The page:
You don’t watch John Krizanc’s TAMARA: you inhabit it. The familiar constructs of stage and curtain and backdrop are stripped away. You walk from room to room, a voyeur in another world, peeping across space and time into the rooms of a villa near Lake Garda, in Northern Italy, in mid-January 1927. The villa is inhabited by poet and playwright Gabriele D’Annunzio, as infamous for his affairs and his association with fascism as he was for his contributions to literature. You arrive at the villa as Polish painter Tamara de Lempicka arrives, and the story begins.
The problem, at least from a design point of view, is how do we time-travel without a flux capacitor?
“What’s challenging is the overall world. It’s just epic—it’s huge,” says scenic designer Steffi Mayer-Staley. “We are designing an Italian mansion [owned] by an eccentric artist—the mansion is stuffed floor-to-ceiling with things.”
Because of the immersive nature of the production, TAMARA requires more than just the suggestion of a scene: these ten rooms Mayer-Staley and assistant Jeff Fuga are designing have to at least give an impression of realism—Still Lives of D’Annunzio, you could call them. Encapsulated suggestions of his reality.
“Ideally we would literally transform the rooms all the way,” says Mayer-Staley. “But I’m thinking of it more as creating islands of realism inside the Rodef Shalom…We’re using three levels, emptying the hallways of their education center—we’re taking over.”
Noting that some of the congregation’s Judaic imagery will still be present inside the temple, Fuga adds, “Whenever you’re transforming a space to create a whole new world, there’s still a little bit of realism in the space—that’s what makes it so unique.” That’s also, he says, part of the fun of working with Quantum Theatre: the space itself always adds its own character to the experience of the production.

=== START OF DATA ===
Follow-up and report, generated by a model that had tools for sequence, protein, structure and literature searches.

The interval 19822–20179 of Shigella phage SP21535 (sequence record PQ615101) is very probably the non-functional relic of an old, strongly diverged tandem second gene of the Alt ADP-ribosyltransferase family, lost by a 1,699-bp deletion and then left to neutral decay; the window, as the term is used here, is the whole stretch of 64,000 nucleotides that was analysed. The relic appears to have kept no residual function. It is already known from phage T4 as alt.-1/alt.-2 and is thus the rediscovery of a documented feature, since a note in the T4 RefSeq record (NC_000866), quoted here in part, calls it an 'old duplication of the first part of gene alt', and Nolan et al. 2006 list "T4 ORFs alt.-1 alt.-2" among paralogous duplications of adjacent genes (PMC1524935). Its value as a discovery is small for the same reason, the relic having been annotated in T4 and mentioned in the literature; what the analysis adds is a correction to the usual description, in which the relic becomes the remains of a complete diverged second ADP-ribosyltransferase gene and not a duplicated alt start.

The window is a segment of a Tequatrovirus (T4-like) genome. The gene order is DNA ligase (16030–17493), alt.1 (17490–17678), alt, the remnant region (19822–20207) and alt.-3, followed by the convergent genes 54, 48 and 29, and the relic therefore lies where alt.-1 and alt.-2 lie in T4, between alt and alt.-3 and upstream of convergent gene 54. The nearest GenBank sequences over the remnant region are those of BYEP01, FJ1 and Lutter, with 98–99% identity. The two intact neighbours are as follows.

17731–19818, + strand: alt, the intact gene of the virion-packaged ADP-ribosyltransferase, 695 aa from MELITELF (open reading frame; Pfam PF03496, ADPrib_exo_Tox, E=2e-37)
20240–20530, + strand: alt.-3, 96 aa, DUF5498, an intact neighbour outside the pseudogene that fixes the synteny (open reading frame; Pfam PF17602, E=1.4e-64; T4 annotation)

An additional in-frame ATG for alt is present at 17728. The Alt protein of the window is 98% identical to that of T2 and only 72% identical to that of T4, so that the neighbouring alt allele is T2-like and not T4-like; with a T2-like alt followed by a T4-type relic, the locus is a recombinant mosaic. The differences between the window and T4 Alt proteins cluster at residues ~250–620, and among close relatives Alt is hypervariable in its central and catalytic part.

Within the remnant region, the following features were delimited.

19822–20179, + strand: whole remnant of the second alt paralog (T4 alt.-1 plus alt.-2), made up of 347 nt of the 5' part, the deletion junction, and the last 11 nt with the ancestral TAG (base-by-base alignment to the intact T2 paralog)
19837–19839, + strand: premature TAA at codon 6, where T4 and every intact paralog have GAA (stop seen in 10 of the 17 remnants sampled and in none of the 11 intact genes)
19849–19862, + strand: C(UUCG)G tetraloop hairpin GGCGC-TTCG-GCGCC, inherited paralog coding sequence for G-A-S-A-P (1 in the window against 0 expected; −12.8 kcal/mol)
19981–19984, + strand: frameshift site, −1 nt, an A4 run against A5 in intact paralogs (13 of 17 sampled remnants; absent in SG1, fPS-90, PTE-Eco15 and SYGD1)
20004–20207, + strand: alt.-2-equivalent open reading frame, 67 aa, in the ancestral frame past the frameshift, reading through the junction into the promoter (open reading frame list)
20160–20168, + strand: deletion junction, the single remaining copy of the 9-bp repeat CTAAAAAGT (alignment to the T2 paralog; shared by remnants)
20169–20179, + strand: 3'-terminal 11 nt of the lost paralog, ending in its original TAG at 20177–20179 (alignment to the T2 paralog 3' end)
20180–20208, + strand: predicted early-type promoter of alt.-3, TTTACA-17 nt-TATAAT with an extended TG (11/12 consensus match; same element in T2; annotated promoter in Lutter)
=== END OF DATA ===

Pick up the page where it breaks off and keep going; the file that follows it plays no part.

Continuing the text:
The two designers have five weeks to design, furnish, and decorate the ten rooms being used for John Shepard’s production of TAMARA. “There’s no way we can build all of these things or buy all of these things or even lease them from prop shops,” Mayer-Staley explains. Instead, the designers have been canvassing the collections of local antique dealers and collectors, especially friends of Quantum Theatre who’ve offered up their collections for perusal. Graham Shearing, Navarro Design Associates, The Mattress Factory’s Barbara Luderowski and Michael Olijnyk, Concept Gallery, and metalworker Francis Nowalk, who also created light fixtures for the Rodef Shalom decades ago, have all had their storerooms examined for possible TAMARA props, as have a dozen others.
“We’re just magpies right now,” says Mayer-Staley. “Collecting shiny and interesting things.”
Because TAMARA takes place across two days, things can change inside the rooms. People are living in this villa, after all. While the audience sits down for dinner between acts, the characters sleep. As you revisit rooms in Act II, keep an eye out for subtle differences, objects uncovered that may tell you more about the story. “Through the whole play, secrets are being revealed and these layers are being shed,” Mayer-Staley explains. “We’re thinking of slight transformations of the spaces, where something is revealed that wasn’t before, to shed new light on the characters.”
Time-travel to Gabriele D’Annunzio’s villa, as designed by Steffi Mayer-Staley and Jeff Fuga, in the Quantum Theatre production of TAMARA, directed by John Shepard, August 5 through September 14. Purchase TICKETS online or call 412-362-1713.